Tim Atkin and his vision on La Rioja in 2018

Tim Atkin has just released a new report on the health of Rioja wines. In this report, “The Master of wine” critic praises the advances of the region in comparison to 2017. He has also explained which have been its best wines and the best producers, all categorised according to quality parameters. This categorisation originally comes from France, specifically from Bordeaux. Here, in 1855, the emperor Napoleon III ordered to create a classification of the best wines for the world exposition in Paris that took place that same year.

Here is the classification:

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Tim Atkin sees a general change of trend in La Rioja. The classic crianzas and reservas are being changes for wines that are more intended to show us the terroir. This idea leads to the creation of “village wines” (vinos de pueblo), to create a character with more identity in the subareas of Rioja.

The critic highlights the 10 key aspects of the region:

  1. La Rioja is the most famous and internationally recognised Spanish wine region. There is a clear differentiation of three subareas: Rioja AlavesaRioja Altaand Rioja Baja. Very different wines are produced in these three subareas. Each year, the number of hectares they plant increases.
  2. Great blending producers coexist with small producers of “vinos de paraje”. The great classic wineries, like CVNEand López de Heredia, produce their wines in search for the qualities of each area. They combine the acidity and freshness of the higher area, with the more fruity grapes of the Grenache variety from Rioja Baja. On the other hand, there are other viticulturists who focus on “vinos de paraje”. In the case of Abel Mendoza, in the area of San Vicente de la Sonsierra; Telmo Rodriguez, in Lanciego; and Álvaro Palacios, in Monte Yerga.
  3. Vintages greatly influenced by the climate. We have the extension and particularities of the Riojan geography, where two clearly differentiated climatic influences coexist, the Mediterranean and the Atlantic. This can be seen in the route from Alfaro to Lanciego, where we can experience this in the temperatures and the change of vegetation.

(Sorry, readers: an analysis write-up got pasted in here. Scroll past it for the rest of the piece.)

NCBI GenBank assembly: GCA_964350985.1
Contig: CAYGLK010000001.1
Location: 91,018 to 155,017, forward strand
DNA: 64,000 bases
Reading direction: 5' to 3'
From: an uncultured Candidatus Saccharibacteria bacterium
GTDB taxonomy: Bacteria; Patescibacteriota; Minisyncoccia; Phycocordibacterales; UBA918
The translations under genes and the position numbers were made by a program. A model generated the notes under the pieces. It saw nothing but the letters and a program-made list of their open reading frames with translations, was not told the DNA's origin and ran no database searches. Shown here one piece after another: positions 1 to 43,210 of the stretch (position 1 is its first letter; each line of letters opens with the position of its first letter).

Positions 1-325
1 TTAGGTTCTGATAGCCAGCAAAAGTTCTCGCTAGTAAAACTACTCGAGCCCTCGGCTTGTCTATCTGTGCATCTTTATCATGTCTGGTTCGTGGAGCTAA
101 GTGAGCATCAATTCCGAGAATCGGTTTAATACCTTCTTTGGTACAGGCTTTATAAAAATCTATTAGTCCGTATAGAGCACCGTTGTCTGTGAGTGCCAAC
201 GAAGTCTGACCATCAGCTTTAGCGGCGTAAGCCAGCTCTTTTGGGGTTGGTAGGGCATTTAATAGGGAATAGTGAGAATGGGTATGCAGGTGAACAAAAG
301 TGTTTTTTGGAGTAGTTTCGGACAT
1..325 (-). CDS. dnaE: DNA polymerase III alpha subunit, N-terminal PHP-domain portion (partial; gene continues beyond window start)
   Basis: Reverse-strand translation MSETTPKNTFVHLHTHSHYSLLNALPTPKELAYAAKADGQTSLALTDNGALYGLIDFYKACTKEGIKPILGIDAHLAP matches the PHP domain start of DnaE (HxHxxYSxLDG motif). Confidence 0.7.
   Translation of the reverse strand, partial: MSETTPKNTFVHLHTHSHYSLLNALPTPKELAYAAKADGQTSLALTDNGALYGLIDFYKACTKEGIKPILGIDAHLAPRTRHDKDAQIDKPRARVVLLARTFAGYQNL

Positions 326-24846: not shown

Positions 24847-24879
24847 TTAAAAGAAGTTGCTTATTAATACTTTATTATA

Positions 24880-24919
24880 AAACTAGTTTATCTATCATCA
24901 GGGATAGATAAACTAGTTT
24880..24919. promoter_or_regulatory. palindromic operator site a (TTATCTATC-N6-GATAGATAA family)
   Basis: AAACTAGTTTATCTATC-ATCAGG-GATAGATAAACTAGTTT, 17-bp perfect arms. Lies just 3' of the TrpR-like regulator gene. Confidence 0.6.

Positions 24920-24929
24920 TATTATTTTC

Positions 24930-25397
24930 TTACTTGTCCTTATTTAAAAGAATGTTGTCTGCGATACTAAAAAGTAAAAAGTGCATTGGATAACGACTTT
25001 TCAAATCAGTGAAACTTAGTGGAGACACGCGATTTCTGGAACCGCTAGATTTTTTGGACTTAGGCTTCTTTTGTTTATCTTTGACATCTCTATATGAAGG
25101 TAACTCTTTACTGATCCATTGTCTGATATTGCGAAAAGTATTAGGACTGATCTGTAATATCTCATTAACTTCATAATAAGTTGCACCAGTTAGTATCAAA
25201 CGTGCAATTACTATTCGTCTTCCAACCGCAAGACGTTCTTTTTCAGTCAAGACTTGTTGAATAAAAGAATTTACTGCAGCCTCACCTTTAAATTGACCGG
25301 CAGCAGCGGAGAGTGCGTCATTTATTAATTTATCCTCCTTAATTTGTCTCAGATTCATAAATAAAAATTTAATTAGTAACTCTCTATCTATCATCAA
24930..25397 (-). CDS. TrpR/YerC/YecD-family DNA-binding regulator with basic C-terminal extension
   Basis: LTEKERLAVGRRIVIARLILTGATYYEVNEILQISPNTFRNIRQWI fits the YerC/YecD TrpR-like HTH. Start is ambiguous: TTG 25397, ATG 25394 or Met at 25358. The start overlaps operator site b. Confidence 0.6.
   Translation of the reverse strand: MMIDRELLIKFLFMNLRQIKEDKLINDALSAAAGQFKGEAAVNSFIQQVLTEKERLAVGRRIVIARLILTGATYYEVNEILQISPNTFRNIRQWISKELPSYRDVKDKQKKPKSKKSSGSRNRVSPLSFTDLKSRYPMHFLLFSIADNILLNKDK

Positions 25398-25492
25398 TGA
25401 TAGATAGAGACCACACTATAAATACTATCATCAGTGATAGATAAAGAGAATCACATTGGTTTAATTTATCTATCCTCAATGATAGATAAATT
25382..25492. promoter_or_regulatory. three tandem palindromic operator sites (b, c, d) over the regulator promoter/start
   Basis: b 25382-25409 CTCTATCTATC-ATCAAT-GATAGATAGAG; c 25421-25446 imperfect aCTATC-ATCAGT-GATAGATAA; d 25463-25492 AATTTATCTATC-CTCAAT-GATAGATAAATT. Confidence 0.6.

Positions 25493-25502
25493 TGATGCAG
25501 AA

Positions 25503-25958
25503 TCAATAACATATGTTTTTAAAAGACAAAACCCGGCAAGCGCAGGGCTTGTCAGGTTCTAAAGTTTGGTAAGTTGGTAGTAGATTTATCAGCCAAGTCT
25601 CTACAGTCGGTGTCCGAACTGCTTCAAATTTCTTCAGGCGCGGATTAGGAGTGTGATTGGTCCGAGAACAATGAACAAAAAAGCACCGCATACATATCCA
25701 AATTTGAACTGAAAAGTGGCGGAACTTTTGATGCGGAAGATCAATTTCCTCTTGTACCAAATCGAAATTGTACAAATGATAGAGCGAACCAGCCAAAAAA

4. Climate change. This increasingly noticeable phenomenon can been seen in the region, with an increase in temperatures and a decrease in rainfall. The producers are looking for solutions to this reality, and this is why they move to higher areas, like Ábalos. In Baigorri, they look for the varieties like Mazuelo and Graciano, the acidity and the freshness to combat the effects of the change. Benjamin Romeo thinks that the increase of the alcoholic strength is due to the fertilisers high in potassium that have been used on the vines.
  5. Tempranillo. Today, this variety occupies 79% of the plantations in La Rioja. Since irrigation began in the 70s, extensive cultivation began in the lower area of Rioja. The main reason for this was financial. There was a highly-productive clone that was resistant to plagues, and it had great international recognition.
  6. Grenache. This variety has regained its ground thanks to its good adjustment to Mediterranean climates. Viticulturists like ArizcurenPalacios RemondoRamón BilbaoValdemarand Olivier Riviereare cultivating it again in the Oriental Rioja.
  7. White wine from Rioja is progressing well: From the D.O. they have encouraged the cultivation of white varieties. They have allowed the incorporation of international varieties such as Chardonnay, Sauvignon and Verdejo. But also of native varieties like Maturana BlancaTorrontésor White Tempranillo. As of today, the points given to white wines by Tim Atkin have increases, and producers like Tondonia, Murrieta and Abel Mendoza are in the top positions.
  8. Promising young wines of Rioja: In the region, grapes can still be purchased for a good price, and therefore, vineyards too. Therefore, many young people have chosen to create their own winery. This is the case of Olivier Riviere, who arrived in the area with just € 1000 in his pocket. Now, he produced around 120,000 bottles. The group Rioja n Roll, with many young winemakers, is also a clear example of the chances that young winemakers can have in Rioja.
  9. Rioja has to go further: Except for wines that stand out, like Quiñon de Valmira by Álvaro Palaciosor Las Beatas by Telmo Rodríguez, with prices exceeding €100/€200. These wines reflect a great quality, with scores that are over 95 points. But the reality is different. The vast majority of wines are sold very cheap and brands such as “Reserva”, with a minimum of 4 years ageing in the winery, are sold at € 3.95. There is the though that it has to be sold cheap, and this has to change. This is the greatest challenge of Rioja.
  10. Times are changing: there are two kinds of producers that have to be differentiated. The great producers of large volumes of wine, like Campo ViejoEl CotoFaustino, who control the board of the Regulatory Council, and the majority of litres that are qualified in the D.O.; and the small producers that search for the value of the wines made in the D.O. through a hierarchy that classifies the vineyards. This is the great challenge they face for the great future of La Rioja.
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